Who most influenced your decision to pursue business in college? Jeff Aupperle was and is perhaps the most influential presence I’ve ever had in my life. Jeff was the founder of Promising Ventures, the interdisciplinary entrepreneurship program at my undergraduate university. It was a program for students of all majors to learn about the power and inner workings of entrepreneurship and acquire general business acumen. At the time, I was an unhappy education major looking to discover my path. Jeff and this program opened my eyes to how much I loved business and the positive impact it can have in the world.

I graduated without a business degree, but with a job in the startup space. I would not have gotten my first job in the business world that eventually led me to get my MBA and to where I am now without Jeff’s influence and confidence in me.

What are the top two items on your professional bucket list?

  1. Write a book
  2. Run my own business

How has the pandemic changed your view of a career? “Where do you want to be in five years?” should permanently be removed from all interviews. If any of us were to go back five years and project where we would be now, we wouldn’t even be close. The world, our work, maybe even some of our dreams have fundamentally changed, and how we view ourselves into the future and in our future careers has shifted along with it.

In thinking about my career, I had always considered the number of people I wanted to lead or the size of the portfolio I wanted to run, thinking about my career only in metrics and numbers. But since the onset of the pandemic, my desires have shifted. I think much more about finding work that is fulfilling, working with people I admire and respect, and developing a career where I can have influence and make things better. The next five years for me are focused much less on growth and striving, since I truly have no idea what the next five years will hold, and more focused on doing the best I can wherever I choose to be.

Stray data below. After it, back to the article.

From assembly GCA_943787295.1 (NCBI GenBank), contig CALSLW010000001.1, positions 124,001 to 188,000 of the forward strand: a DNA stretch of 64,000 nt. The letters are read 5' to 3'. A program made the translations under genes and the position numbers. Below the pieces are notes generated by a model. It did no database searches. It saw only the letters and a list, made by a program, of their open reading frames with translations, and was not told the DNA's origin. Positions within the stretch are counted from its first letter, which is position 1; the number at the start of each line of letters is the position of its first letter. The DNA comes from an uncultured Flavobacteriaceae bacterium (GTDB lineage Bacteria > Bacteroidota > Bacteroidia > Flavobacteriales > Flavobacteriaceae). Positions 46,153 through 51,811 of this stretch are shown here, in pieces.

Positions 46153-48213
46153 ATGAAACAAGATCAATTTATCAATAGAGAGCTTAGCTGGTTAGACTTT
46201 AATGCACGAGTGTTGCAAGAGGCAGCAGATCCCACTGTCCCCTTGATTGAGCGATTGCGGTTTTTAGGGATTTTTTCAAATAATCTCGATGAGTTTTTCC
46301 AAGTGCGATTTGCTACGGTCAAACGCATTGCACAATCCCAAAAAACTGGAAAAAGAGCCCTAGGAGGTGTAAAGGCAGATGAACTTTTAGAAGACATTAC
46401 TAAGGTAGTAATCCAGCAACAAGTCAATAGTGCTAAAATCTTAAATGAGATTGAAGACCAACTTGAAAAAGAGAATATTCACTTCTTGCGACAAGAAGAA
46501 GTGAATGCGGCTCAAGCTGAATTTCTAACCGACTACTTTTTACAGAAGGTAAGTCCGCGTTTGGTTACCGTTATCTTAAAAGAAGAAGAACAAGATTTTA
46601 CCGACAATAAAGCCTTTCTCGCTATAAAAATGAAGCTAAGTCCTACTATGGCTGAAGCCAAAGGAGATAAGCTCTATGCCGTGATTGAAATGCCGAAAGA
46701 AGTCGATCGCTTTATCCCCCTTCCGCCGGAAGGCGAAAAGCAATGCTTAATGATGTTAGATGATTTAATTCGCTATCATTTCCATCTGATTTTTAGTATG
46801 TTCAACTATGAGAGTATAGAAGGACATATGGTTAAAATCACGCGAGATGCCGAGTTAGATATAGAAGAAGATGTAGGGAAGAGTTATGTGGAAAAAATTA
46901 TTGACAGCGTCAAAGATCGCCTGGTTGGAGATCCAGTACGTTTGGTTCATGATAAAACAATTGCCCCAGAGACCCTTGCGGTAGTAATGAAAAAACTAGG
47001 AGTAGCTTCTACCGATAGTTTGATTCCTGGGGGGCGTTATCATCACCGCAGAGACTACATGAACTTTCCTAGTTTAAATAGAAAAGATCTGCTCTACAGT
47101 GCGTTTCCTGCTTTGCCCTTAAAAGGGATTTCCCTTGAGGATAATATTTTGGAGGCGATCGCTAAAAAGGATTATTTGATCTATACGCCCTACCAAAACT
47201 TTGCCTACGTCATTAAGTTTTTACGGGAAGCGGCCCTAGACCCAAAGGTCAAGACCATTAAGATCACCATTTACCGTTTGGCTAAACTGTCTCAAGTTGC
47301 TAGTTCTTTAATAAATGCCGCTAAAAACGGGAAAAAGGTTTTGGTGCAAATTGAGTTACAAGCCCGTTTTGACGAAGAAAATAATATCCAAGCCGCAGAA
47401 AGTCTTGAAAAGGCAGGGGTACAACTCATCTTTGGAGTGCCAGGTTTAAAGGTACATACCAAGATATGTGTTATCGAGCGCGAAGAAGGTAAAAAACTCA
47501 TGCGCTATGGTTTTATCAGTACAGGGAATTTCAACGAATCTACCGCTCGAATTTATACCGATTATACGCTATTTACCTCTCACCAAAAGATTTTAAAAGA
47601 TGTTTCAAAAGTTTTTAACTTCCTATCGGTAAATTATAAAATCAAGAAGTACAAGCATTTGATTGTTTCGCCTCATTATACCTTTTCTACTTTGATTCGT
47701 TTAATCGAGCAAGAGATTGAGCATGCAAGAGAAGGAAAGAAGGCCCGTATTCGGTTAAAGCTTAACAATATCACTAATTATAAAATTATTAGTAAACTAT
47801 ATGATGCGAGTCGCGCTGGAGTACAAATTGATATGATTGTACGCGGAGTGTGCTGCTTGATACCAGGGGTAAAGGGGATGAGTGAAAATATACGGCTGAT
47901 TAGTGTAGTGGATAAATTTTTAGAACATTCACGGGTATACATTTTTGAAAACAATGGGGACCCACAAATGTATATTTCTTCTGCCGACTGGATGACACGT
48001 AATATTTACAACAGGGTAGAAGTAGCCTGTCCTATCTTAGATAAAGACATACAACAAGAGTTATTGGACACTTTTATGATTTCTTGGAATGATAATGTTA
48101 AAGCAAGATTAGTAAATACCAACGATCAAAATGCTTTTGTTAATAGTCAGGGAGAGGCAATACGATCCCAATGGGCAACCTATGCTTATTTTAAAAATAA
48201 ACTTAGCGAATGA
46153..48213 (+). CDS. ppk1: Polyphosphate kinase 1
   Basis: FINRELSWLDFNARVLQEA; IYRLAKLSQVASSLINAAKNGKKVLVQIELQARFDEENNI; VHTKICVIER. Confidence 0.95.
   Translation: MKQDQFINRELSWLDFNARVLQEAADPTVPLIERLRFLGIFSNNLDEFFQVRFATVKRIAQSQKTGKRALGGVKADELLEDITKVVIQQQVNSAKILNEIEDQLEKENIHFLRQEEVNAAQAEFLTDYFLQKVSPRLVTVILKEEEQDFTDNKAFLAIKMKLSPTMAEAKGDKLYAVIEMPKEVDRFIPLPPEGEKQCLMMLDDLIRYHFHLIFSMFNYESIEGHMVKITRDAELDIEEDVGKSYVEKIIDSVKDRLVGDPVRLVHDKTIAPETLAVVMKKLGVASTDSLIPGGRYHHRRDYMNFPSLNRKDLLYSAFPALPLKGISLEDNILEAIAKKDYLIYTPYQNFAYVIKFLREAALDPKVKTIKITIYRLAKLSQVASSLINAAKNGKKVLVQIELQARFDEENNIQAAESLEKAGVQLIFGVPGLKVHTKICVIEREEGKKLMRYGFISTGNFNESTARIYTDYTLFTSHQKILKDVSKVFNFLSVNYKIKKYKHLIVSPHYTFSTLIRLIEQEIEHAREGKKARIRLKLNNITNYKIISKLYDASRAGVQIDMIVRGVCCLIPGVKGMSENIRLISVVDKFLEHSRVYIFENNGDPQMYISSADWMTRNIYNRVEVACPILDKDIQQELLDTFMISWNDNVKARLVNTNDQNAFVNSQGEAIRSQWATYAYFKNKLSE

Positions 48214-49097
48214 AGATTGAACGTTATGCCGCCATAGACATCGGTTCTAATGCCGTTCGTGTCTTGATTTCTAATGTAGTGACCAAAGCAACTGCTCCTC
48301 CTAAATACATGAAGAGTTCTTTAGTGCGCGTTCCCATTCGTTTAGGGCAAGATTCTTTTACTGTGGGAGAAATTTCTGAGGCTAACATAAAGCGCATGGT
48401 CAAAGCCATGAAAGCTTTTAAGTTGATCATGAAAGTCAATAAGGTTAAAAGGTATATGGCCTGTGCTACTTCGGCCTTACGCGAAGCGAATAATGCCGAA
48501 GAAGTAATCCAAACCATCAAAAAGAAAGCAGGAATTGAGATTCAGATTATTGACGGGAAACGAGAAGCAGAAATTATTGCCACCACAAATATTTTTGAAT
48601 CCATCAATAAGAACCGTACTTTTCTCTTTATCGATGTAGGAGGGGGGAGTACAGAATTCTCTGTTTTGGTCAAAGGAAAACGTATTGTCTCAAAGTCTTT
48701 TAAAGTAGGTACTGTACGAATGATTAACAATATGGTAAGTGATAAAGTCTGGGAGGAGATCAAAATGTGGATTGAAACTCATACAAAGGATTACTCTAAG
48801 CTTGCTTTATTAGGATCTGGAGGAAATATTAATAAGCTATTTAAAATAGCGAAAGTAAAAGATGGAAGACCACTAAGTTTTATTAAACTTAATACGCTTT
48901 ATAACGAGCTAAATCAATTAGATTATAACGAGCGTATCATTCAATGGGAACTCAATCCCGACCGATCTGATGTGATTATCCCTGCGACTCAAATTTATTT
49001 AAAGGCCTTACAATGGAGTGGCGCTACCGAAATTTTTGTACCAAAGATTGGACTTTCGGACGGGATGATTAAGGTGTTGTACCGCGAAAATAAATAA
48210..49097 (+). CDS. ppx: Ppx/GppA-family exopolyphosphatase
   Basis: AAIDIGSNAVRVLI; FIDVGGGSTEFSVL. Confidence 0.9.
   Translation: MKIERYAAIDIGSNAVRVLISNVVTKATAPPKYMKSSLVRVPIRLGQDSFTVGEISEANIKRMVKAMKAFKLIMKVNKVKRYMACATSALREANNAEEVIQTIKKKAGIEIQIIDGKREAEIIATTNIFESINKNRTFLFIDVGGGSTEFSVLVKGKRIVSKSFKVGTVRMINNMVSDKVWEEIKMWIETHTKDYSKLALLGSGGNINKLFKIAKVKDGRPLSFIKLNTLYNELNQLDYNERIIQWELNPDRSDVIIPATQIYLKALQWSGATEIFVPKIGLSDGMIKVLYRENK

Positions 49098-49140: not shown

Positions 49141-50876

What made Sam such an invaluable addition to the Class of 2022?

“Sam and her class entered our program in 2020, just a few months into the COVID-19 pandemic. Their first year was characterized by a myriad of changing public health regulations, hybrid classes and a complete lack of the social, networking, and academic events that normally bond students together. Sam was elected President of Kelley’s MBA Association (the “MBAA”) in February 2021. This has been a tricky time to be a student leader, and Sam has stepped up to the challenge, working hard to balance student demand for in-person activities with evolving university regulations. She has been transparent with students on the rules and brought their concerns and creative solutions to our office so that as the situation has evolved, her team could provide programming opportunities quickly and safely.

In addition, Sam is committed to making Kelley an even more inclusive environment. She consistently used her position to be an ally for underrepresented student populations, transmitting their concerns and making sure that a multitude of voices are heard and considered when planning activities or advocating for changes. She is an excellent listener and clear communicator and has used those skills throughout her time at Kelley with both students and the program administration.  It’s been a pleasure and an honor to work with Sam—a truly outstanding student leader.”

Emily Stern
Director of Student Services and Global Programs, Full-Time MBA Program